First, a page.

Finding the time, energy and discipline to keep ourselves healthy can be challenging. Add to that all of the advertising that constantly seeps into our unconscious with unhealthy messages and prompts, and it’s no wonder that most of us fall short of the perfect balance of diet, exercise and sleep.
In today’s busy world, what we all want – what we all need – are tools to help make achieving healthier lifestyles easier. Simple is always best. And since we’re talking about our most basic need as humans – staying alive – shouldn't there be a simple solution?
The app store is loaded with tools designed to help us (there are 43,000 health and medical apps available on iTunes, according to an IMS report1), but are they making a dent? Are people adopting them?
There are gadgets galore—clip-ons, bracelets etc., but do people stick with them? According to a study from Manhattan Research on consumer mobile health that surveyed about 3,000 individuals of all age groups, although 70% of respondents had heard of wearable devices, only 18% owned one.2
How do people feel about the role technology can play in improving health and wellbeing? According to a 7,000-person, multinational McCann Erickson survey called “The Truth About Wellness,” 40% of people indicated that they feel more in control of their health because of technology.3
“Because the stakes are so high to improve healthcare outcomes and economics, Forrester [Research] believes it will be the first industry to benefit from cognitive solutions," notes the research firm in a February artificial-intelligence report cited by Fortune.com. A major area of focus in the next five years: Personal solutions that help patients manage their own health.4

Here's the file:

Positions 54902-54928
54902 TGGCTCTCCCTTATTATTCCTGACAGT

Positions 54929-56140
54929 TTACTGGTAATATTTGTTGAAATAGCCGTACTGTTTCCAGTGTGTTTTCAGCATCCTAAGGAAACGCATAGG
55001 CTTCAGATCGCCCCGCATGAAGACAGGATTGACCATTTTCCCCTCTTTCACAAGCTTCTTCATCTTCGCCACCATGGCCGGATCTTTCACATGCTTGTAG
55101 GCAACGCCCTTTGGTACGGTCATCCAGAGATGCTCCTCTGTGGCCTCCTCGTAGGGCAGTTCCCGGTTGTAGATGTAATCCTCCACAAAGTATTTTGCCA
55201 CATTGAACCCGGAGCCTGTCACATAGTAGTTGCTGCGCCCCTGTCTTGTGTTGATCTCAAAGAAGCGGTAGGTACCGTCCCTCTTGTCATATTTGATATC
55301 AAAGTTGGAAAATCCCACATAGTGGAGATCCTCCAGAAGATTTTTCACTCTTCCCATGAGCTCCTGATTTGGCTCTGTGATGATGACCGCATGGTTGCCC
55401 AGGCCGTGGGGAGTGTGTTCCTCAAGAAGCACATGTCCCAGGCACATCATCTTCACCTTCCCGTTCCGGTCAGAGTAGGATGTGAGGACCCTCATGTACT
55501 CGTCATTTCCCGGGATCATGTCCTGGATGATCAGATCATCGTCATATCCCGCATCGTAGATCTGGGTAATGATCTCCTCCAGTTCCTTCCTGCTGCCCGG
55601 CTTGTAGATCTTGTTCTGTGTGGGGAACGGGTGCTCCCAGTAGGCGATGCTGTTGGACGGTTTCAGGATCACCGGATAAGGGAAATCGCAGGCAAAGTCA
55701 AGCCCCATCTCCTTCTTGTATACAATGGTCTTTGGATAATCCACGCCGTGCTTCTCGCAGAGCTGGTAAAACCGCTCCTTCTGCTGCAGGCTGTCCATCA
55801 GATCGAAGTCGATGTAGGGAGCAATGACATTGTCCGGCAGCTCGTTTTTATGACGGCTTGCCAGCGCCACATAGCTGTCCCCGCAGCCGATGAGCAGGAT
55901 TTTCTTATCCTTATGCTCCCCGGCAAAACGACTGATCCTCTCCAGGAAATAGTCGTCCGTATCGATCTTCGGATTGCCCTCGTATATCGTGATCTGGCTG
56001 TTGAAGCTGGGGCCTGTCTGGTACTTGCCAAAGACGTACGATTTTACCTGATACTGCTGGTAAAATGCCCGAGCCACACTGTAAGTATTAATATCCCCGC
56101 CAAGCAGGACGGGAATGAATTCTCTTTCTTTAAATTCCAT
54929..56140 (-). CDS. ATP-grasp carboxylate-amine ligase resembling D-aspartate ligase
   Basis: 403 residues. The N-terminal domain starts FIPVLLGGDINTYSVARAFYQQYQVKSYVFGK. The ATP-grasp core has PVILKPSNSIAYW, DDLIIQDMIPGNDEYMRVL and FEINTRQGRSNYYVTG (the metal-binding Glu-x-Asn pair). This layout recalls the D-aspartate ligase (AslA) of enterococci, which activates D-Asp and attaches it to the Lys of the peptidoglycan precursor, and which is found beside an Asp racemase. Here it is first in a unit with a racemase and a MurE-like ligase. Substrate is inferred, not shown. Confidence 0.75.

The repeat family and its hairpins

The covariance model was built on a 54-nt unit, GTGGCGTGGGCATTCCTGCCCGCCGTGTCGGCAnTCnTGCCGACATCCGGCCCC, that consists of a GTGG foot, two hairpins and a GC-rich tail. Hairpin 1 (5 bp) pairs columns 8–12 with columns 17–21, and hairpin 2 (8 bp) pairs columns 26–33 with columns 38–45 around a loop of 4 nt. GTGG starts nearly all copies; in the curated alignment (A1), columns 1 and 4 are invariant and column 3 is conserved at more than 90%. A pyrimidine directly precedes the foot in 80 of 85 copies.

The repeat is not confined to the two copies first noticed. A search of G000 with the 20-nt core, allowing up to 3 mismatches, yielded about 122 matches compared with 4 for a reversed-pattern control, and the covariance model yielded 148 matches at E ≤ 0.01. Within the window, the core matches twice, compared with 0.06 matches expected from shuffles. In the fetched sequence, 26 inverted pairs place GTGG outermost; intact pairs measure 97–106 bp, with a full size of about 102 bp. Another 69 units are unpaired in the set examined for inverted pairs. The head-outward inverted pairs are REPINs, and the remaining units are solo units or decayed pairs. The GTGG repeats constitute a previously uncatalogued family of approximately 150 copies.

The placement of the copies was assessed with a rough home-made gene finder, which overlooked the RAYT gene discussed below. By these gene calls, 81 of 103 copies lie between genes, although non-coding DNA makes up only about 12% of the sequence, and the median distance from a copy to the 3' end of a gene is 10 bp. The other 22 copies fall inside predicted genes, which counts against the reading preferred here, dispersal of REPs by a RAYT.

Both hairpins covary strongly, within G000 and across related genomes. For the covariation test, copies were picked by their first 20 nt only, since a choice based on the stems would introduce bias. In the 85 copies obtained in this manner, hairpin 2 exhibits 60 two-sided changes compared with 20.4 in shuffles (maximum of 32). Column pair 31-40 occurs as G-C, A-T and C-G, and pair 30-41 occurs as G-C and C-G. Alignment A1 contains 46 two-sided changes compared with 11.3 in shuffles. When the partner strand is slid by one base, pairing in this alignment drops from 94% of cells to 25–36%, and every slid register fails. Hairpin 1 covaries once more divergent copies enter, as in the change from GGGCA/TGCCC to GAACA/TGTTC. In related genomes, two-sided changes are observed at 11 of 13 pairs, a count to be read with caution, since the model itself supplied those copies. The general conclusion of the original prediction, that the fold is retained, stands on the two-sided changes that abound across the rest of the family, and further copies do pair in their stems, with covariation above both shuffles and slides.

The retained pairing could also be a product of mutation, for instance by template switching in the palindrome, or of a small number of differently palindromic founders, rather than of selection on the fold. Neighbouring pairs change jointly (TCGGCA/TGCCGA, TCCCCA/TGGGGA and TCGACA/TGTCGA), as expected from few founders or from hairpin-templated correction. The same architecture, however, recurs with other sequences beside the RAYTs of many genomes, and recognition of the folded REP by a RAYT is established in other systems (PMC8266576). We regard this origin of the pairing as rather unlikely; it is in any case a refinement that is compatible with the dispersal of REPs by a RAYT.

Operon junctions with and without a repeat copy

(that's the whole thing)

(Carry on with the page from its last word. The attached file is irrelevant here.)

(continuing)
So, the question remains: How do we effectively harness the power of technology to live healthier lives? Most of us are aware of the multitude of apps, wearables, gadgets, etc. at our disposal that can keep us on track and healthy – but is there room for improvement? The answer is an overwhelming yes. While at SXSW Interactive this year, we polled passersby to get their opinions on the good, the bad and everything in between when it comes to utilizing technology to maintain or improve health. See what they had to say.
The interesting takeaway from these random interviews is that most people want proactive engagement, like a prompt to drink more water throughout the day and/or to get out there and be active. Apps that know when to step-in and engage have the ability to merge gracefully into a person’s life.
Ultimately, we have to motivate ourselves. Each of us is responsible for our own outcome. But we need the tools to help us do so. Let’s be honest: we can all benefit from that extra boost in motivation that technology provides us.